Company genetically engineers fruit flies to be “biofactories” for fake meat production
Published: February 6, 2023
Category: GMO News
Future Fields’ EntoEngine insects have serious environmental and ethical downsides.
Report by Claire Robinson; technical advice by Dr. Michael Antoniou
The biotech company Future Fields has notified the Canadian authorities of its intention to commercialize EntoEngine, a genetically modified fly. The flies are engineered to produce foreign proteins—in this case, growth factors, which are cell signaling molecules that play important roles in cell proliferation and development, for use in what Future Fields calls “cellular agriculture”—what we call lab-grown or fake meat.
In our view, EntoEngine flies pose serious environmental risks in the likely event that they will escape contained conditions.
The company says, “The EntoEngine fly line has been genetically engineered to express a growth factor isolated from cows…. The gene sequence poses no known risks to either humans or animals. Expression of the gene encoding the growth factor is under the control of a gene expression regulator isolated from yeast.”
Future Fields argues that the GM fly is needed to replace the usual way of producing growth factors—in bioreactors. The company confirms what GMWatch has long said—that bioreactor technology is expensive, resource- and energy-hungry, and produces vast quantities of problematic waste.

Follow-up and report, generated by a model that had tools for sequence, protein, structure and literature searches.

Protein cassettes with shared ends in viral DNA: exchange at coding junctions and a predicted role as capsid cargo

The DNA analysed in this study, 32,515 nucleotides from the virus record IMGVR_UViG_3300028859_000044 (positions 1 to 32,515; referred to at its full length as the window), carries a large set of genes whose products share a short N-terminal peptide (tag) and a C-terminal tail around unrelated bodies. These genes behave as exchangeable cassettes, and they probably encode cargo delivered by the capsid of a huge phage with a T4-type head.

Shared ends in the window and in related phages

Future Fields describes the status of the patent on EntoEngine as “pending.” Our patent search on the Espacenet and USPTO databases only found one patent on a GM insect with Future Fields as an applicant. The patent, titled “Method for producing recombinant proteins in insects” describes the general concept patent but lacks the experimental data to prove that the system actually works.
Torturing fruit flies
Regarding the heat stress trigger, the patent describes a gruesome and torturous process of gradually getting the flies used to the higher temperature of the heat stressor so that they don’t die from the shock of a sudden rise, by applying the stressor interspersed with “rest” periods.
When the insects have exhausted their ability to produce growth factor, they are killed and “harvested,” in the words of the Future Fields patent, then ground up into a mass, and the desired protein is extracted and purified out.
The company’s patent and publicity make a big deal out of the supposedly superior ethics of using fruit flies to manufacture growth factors for “cellular agriculture,” as opposed to extracting them from fetal bovine serum (FBS) taken “from fetuses of pregnant cows prior to slaughter.” The patent says that cattle-derived FBS gives rise to “ethical concerns regarding the production of cultured meat products.”
But the point on ethics is disingenuous and contradictory, as Future Fields itself justifies its GM flies approach as replacing growth factors produced in bioreactors and not as replacing FBS, because FBS is not used by the lab-grown meat industry.
The main risk posed by the GM flies is environmental. The risk with GM flies is that they could escape and breed in the environment or cross-breed with natural flies, leading to the escape of growth factor-producing genes into wild populations.
Future Fields’ GM fly appears to be an invention of dubious utility that will do little to improve the sustainability of the environmental catastrophe-in-the-making that is lab-grown meat. It poses unacceptable environmental risks in the event of an escape and the ethics around the GM fly’s grim life and grimmer death are dubious, to say the least.
Source: GM Watch
Organic & Non-GMO Insights, February 2023